The Top Six Fruits for Energy
Monday, May 13, 2013 by: PF Louis
(NaturalNews) This may be controversial. Since high fructose corn syrup (HFCS) has been pointed out as a leading cause of fatty liver, obesity, and other bad health issues, many assume the same is true for consuming fruits.
Yes, fruits contain fructose. But that fructose is in much smaller quantities than HFCS. Dr. Mark Hyman refers to the massive amounts of HFCS in processed foods and beverages as pharmacological, or intensely condensed and isolated or extracted from it's food source. (Source below)
All the doctors sourced below agree that fructose in excess gets converted mostly to triglyceride fats instead of glucose for energy. Even table sugar (sucrose) gets converted to glucose more efficiently and without clogging up the liver.
The sudden surge in obesity and type-2 diabetes began with the introduction of HFCS into processed foods and beverages. Our livers don't convert pharmacological fructose doses into energy the way it can sucrose. Even IV pharmacological glucose can be beneficial under dire circumstances without damaging the liver.
Fruits in their natural solid forms contain much smaller amounts of fructose than processed HFCS. Their fructose is combined with other nutrients and fibers. So they are digested more slowly and can be assimilated without overdosing on fructose. This keeps the liver from being overwhelmed by a massive dose of fructose.
Making HFSC matters worse, almost all corn is GMO. And the process of converting corn that's already compromised with GMOs produces mercury. So you get a troublesome gene transfer virus with your mercury. If the massive fructose doesn't kill your liver, the GMO and mercury may finish the job.
Caveats: Eating the whole fruit is advised because juices, especially from concentrates, multiply the amount of fructose without the fiber that helps slow its digestion and keep your liver from being overwhelmed. Also, most fruits are exposed to toxic chemical interventions during cultivation and/or ripening.
Eat organic or locally grown fruits without excessive chemical interventions, or pick a fruit from the "clean fifteen" list (http://www.ewg.org/foodnews/summary/).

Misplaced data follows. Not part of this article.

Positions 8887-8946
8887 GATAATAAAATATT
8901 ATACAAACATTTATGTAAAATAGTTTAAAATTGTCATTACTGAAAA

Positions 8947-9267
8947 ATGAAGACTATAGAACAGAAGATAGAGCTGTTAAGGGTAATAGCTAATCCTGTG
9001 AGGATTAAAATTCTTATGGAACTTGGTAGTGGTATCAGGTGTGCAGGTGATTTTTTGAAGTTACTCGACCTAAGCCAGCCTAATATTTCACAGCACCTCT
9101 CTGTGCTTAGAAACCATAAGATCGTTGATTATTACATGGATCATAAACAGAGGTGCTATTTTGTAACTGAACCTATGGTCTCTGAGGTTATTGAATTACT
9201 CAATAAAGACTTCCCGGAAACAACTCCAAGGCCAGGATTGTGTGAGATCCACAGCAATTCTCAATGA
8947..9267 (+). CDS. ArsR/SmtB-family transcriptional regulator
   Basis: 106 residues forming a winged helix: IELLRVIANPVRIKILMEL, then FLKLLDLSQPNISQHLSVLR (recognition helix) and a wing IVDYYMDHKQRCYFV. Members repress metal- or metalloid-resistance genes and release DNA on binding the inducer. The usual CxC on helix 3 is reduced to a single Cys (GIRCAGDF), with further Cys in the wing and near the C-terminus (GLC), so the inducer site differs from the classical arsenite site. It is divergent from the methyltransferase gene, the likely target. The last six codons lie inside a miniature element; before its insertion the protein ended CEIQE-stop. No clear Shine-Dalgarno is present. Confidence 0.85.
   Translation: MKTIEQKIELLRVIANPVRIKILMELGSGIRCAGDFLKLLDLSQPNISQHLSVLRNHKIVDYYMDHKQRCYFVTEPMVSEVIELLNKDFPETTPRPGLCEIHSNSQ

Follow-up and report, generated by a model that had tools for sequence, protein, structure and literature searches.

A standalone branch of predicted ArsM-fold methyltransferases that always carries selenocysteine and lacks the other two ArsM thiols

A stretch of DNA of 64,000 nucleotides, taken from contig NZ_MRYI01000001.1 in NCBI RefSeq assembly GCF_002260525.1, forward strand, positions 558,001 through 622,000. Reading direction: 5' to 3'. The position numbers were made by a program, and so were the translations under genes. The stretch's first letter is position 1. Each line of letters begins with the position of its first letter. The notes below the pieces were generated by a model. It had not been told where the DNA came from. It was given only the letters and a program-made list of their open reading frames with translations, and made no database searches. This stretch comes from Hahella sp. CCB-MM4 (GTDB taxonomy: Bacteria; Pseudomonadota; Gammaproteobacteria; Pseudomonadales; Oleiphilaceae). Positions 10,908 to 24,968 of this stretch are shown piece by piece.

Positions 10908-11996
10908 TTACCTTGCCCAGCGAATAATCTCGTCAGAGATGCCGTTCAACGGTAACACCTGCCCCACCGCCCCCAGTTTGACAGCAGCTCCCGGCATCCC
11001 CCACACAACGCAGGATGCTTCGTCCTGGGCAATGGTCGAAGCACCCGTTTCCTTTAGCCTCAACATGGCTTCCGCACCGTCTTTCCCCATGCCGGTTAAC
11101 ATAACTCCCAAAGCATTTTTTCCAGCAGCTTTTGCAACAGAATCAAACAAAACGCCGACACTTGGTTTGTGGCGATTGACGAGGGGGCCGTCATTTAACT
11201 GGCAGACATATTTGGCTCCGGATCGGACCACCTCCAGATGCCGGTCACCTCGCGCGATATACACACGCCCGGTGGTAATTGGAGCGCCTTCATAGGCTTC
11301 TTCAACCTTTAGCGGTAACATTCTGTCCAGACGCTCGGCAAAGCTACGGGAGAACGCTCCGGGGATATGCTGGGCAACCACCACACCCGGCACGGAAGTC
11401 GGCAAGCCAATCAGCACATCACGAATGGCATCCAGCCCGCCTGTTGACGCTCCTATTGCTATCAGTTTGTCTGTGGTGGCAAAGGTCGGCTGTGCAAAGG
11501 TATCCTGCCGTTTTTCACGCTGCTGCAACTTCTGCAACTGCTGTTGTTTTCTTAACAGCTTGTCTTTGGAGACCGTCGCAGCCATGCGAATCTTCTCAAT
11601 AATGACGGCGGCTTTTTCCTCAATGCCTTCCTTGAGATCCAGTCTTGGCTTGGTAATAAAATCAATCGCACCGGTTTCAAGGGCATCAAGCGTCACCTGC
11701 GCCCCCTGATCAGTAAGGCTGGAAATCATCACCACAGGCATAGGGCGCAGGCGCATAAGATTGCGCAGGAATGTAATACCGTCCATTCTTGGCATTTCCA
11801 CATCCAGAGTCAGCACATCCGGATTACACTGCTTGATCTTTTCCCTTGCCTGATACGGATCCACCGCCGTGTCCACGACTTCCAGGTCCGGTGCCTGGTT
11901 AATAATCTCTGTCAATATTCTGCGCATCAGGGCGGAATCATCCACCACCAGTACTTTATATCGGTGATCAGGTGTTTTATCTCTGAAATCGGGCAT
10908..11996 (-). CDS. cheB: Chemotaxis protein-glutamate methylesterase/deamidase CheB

With all that said, here are six edible fruits that will provide stable energy safely.
- Apples are highly regarded for several reasons. They are hardy and don't spoil quickly unrefrigerated. They are higher in fiber than most other fruits as well, and they contain several other basic nutrients.Some nutritional experts point out that the energy from apples sticks around a little longer than most other fruits. Conventionally produced apples rank high in the "dirty dozen" list of sprayed produce. So stick with organic.
- Bananas boost energy with a good amount of potassium, which is good for maintaining membrane potential, a stimulus response that enables muscles to contract. Very important for the heart. Organic is better, but not as vital as it is for apples. Bananas are in the "clean 15" list.
- Strawberries provide an excellent energy boost too. But the most toxic pesticides are used on them. They have to be organic.
- Pineapples made the "clean 15" list, and they can give you a good energy boost. Just try to purchase Mexican pineapples to avoid playing GMO roulette with Costa Rican and Hawaiian pineapples. Not all Hawaiian and Costa Rican pineapples are GMO, but there are enough to contaminate non-GMO or organic pineapples.
- Papaya can give you and energy boost and improve your digestion if you eat the seeds, but the same regional GMO advice for pineapples applies to papaya.
- Oranges provide a lot of energy and vitamin C. Don't buy and consume juices, however, especially those generated from concentrates. It's best to eat the complete wedges from a freshly peeled orange.